Lough Neagh

Lough Neagh is the largest freshwater lake in the British Isles. Located in Northern Ireland, it spans approximately 151 square miles (391 square kilometers). It is an important habitat for wildlife but also a significant resource for human activity, a source of drinkning water for Northern Island and a focal point for local mythology and history.

Lough Neagh is a jewel in Northern Ireland’s landscape, offering rich biodiversity, vital resources, and recreational opportunities. Its vast waters and surrounding lands tell a story of natural beauty, human history, and ongoing conservation efforts.

The lake’s large catchment area is crucial for biodiversity, supporting a variety of plant and animal species, some of which are unique to the region. The lake plays a pivotal role in water supply, agriculture, and flood management for Northern Ireland. The lake bed is owned by the 12th Earl of Shaftesbury, and the lake is managed by Lough Neagh Partnership.

As a site of ecological importance and cultural heritage, Lough Neagh remains a cherished part of the British Isles, deserving of both appreciation and protection for future generations.


The Irish name of the lake is Loch nEachach, which means Eachaidh’s lake. The name Lough Neah is derived from this name.

Water supply for Northern Ireland

Lough Neah supplies over 40% of Northern Ireland´s drinking water.


Lough Neagh

Inflow and outflow

The main inflows for the lake is the Upper River Bann and Blackwater, while the main outflow is the Lower River Bann. Through the Lower River Bann, it drains into the North Channel.

Islands in the lake

  • Coney Island
  • Croaghan Island
  • Derrywarragh Island
  • Gartree Point
  • Padian
  • Ram’s Island
  • Tolans Flat


  • Kinnegoe (peninsula)
  • Kinturk (peninsula)
  • Oxford Island (peninsula)
  • Traad (peninsula)

Wildlife and Conservation

The lough is a haven for wildlife, particularly birds. It is designated as a Special Protection Area (SPA) under the European Union’s Birds Directive because of its importance for overwintering waterfowl. Species such as the whooper swan, tufted duck, and pochard find refuge in its waters during the winter months. The surrounding wetlands and shores also support diverse plant life and are critical breeding grounds for many fish species, including eels, which are of both ecological and commercial importance.

The lake’s ecosystem faces challenges from pollution, invasive species, and habitat degradation. Various conservation efforts are underway to protect and restore the lough’s natural environment. These include initiatives to improve water quality, manage fish stocks sustainably, and conserve wetland habitats. Collaboration among government agencies, environmental organizations, and local communities is key to the ongoing stewardship of Lough Neagh.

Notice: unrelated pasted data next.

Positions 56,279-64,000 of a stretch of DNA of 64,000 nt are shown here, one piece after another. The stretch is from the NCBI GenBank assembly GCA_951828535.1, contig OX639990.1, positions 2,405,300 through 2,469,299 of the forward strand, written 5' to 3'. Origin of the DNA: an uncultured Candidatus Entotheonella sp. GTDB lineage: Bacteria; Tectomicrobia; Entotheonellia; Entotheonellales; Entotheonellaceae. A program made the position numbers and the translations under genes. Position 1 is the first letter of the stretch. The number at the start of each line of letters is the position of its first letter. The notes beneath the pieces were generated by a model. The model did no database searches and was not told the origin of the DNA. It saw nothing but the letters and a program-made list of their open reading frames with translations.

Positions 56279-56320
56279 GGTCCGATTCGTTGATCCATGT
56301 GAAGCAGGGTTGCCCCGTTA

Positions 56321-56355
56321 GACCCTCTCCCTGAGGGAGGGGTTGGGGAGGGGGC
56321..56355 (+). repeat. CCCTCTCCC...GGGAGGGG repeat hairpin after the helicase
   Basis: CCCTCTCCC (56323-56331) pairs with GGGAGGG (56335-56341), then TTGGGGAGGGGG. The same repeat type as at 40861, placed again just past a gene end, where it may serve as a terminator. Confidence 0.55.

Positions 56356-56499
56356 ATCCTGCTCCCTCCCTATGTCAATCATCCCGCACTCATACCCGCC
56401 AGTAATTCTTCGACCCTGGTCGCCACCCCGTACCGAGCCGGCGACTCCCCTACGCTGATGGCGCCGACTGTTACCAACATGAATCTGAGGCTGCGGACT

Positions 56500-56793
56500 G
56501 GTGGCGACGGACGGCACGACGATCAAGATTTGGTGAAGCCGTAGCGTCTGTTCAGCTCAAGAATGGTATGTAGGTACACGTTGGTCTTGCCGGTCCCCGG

Fish in Lough Neagh

Examples of fish species present Lough Neagh are European eel, salmon, trout, dollaghan (a variety of brown trout), pollan, gudgeon, rudd, and pike.

The lough is famous for its European eels and eel fishing has been a major commercial enterprise here for centuries. The European eel will travel with the Gulf Stream from the Sargasso Sea to European waters, a journey that can be over 4,000 miles (6,000 km) long. Some of the eels will make their way to the mouth of the River Bann, and then travel upstream to Lough Neagh. They will live and grow in the lough for 10-15 years, and when they reach maturity they will return to the Sargasso Sea to spawn.

As mentioned above, the Lough Neagh Eel has Protected Geographical Status under European Union Law.

History and Culture

Lough Neagh has been central to human settlement and activity for thousands of years. It has served as a source of food, transportation, and inspiration throughout history. The lough’s eels are especially renowned, with a fishing tradition that dates back centuries. Today, the Lough Neagh Eel has been granted Protected Geographical Indication (PGI) status by the European Union.

The area around Lough Neagh is steeped in mythology and history. According to legend, the lake was formed when Ireland’s giant, Fionn mac Cumhaill, scooped up a chunk of earth and tossed it at a rival, creating the Isle of Man and leaving behind the depression that filled with water to become Lough Neagh.

Recreation and Tourism

Lough Neagh attracts visitors for a variety of recreational activities. Boating, fishing, and bird watching are popular, as are walking and cycling around its picturesque shores. Birdwatchers do not only visit the lake; they are also enthralled by the boglands around the lough.

The lough is dotted with marinas, and its beaches offer leisure opportunities for families and outdoor enthusiasts. Several visitor centers around the lough provide information about its natural, cultural, and historical aspects, enhancing the experience for tourists.

Examples of nearby towns and villages that can serve as a base for visiting Lough Neagh are Antrim, Ardboe, Ballyronan, Ballinderry, Brockagh, Craigavon, Crumlin, Randalstown, Toomebridge, Lurgan, Maghery, Moortown, and Magherafelt.